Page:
Survey: China moving ahead

08:34, March 17, 2010      

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Employment, medical reform and housing prices major problems the country faces

Most Chinese as well as expatriates believe the country is rising and is progressing in the right direction, a survey has found.

The poll on China's image and status, conducted by the China Development Research Foundation (CDRF) and Horizon Research Consultancy Group interviewed 1,754 Chinese aged 18-65 and 313 adult foreigners in seven cities including Beijing, Shanghai and Guangzhou.

According to the survey, nearly two in three Chinese believe the country is on an upward spiral, while a little more than half of expats think so. About 97 percent of Chinese think the direction China has taken is correct, compared to 81.8 percent for expats.

In addition, nearly all Chinese are confident about the country's future, compared to nine in 10 for expats.

Victor Yuan, chairman of Horizon Group, said the results suggest the nation's achievements in the past decades and its rise - both economically and politically - have helped improve its image among expats and the Chinese.

Yu Lin, a 38-year-old Beijing taxi driver, said: "Many big events, such as the Beijing Olympic Games, have bolstered pride and confidence in our country."

Luee Sun, a purchase executive for departments stores, called China's rise "a great story" which has helped shift the center of gravity of many industries to China.

But Lu Mai, secretary general of CDRF, said some Chinese people are too optimistic, as the survey found that 22.1 percent of the Chinese think the country has risen. "Don't forget that more than 100 million people in China are still living below the poverty line," Lu said.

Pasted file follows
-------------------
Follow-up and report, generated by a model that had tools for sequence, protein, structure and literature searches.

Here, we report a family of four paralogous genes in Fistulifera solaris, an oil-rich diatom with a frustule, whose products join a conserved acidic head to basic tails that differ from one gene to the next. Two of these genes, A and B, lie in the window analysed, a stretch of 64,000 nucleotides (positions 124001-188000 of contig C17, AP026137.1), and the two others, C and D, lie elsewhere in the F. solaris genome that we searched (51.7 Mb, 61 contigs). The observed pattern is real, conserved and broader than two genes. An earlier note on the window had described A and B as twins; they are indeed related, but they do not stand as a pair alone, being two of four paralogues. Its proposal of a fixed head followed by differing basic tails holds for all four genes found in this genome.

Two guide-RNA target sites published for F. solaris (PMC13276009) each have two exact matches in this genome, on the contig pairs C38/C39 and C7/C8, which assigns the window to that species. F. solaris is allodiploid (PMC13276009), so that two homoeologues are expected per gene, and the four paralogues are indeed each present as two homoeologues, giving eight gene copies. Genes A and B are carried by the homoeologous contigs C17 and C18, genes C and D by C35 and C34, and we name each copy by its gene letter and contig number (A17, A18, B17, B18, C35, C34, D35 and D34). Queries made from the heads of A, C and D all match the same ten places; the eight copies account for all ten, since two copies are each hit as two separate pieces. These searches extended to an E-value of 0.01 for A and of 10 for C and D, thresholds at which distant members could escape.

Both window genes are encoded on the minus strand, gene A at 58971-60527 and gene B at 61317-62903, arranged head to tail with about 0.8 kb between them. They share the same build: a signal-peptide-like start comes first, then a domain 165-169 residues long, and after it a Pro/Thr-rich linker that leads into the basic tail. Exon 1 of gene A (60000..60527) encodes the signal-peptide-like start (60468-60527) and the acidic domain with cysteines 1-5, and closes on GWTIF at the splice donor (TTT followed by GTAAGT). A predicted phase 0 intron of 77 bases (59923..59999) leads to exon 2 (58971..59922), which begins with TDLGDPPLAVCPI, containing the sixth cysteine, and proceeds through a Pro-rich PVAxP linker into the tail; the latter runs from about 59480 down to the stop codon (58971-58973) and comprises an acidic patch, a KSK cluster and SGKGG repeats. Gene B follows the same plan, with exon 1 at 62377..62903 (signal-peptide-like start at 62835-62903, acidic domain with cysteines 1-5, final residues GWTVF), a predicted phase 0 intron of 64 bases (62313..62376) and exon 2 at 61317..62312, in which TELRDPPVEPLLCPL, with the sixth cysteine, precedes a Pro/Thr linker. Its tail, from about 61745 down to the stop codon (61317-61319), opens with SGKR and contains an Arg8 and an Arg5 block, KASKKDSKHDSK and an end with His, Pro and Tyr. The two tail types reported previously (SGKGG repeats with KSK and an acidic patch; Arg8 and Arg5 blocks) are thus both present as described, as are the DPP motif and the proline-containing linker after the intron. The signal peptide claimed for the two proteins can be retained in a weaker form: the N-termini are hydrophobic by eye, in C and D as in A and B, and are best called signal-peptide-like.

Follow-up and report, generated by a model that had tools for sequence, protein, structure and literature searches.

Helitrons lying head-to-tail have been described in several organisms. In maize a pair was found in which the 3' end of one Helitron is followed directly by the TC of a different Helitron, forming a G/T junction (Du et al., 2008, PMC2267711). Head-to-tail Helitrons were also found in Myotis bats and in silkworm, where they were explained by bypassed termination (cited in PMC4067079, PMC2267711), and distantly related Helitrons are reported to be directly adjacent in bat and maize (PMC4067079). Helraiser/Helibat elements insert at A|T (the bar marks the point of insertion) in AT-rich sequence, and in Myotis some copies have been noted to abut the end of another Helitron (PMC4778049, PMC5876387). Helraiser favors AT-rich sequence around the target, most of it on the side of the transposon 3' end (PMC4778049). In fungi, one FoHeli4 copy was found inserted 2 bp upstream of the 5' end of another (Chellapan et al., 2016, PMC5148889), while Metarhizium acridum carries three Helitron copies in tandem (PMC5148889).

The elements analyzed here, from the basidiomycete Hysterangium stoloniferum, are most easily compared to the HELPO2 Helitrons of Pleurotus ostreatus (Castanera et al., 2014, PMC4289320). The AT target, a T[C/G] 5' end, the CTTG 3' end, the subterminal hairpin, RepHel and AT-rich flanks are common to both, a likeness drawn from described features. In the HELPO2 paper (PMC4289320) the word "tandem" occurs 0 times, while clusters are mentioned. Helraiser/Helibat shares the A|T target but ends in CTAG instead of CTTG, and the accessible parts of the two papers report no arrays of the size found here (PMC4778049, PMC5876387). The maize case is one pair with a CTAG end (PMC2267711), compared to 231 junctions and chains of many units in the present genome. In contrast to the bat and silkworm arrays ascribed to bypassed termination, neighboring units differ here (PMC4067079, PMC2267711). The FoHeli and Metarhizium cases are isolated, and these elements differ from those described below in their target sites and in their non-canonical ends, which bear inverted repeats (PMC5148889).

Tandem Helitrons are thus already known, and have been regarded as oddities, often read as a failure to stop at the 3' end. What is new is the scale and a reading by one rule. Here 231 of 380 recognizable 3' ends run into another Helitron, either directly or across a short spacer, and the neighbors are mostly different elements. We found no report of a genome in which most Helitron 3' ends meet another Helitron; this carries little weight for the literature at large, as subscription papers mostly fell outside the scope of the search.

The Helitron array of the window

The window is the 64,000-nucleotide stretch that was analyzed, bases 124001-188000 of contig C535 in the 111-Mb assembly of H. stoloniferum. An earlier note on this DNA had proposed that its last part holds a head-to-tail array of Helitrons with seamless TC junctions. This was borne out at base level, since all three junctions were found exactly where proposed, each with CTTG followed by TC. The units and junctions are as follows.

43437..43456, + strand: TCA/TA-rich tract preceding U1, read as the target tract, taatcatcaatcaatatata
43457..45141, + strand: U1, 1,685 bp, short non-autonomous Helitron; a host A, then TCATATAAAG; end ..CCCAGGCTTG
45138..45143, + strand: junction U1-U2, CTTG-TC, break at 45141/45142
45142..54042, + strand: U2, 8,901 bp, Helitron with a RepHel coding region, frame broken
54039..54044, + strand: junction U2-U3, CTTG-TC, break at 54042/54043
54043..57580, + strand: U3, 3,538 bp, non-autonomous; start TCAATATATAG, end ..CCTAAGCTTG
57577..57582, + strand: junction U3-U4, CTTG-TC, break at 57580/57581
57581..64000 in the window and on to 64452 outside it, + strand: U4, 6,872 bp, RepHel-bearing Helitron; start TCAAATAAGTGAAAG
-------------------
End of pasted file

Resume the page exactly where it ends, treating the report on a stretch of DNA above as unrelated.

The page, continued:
The survey showed that the most urgent task is to ensure social wealth is distributed more fairly, with 42.3 percent of the Chinese and 30.7 percent of expats of that view.

About 825,000 have more than 10 million yuan ($1.47 million) of wealth each; among them, 51,000 are worth more than 100 million yuan each, according to the Hurun report on China's wealthy.

The per capita disposable income of urban residents was 17,175 yuan in 2009, and the net per capita income of rural residents was 5,153 yuan, according to the National Bureau of Statistics.

The survey also found that the most severe social problems faced by China are employment, medical reform and housing prices.

On the international front, most of the respondents - both Chinese and expats - ranked the United States as the No 1 threat to China's development now and in the next decade, followed by Japan, Russia and the European Union.

But the US is also ranked first as the country most important both economically and politically to China now and in the next 10 years.

Source: China Daily
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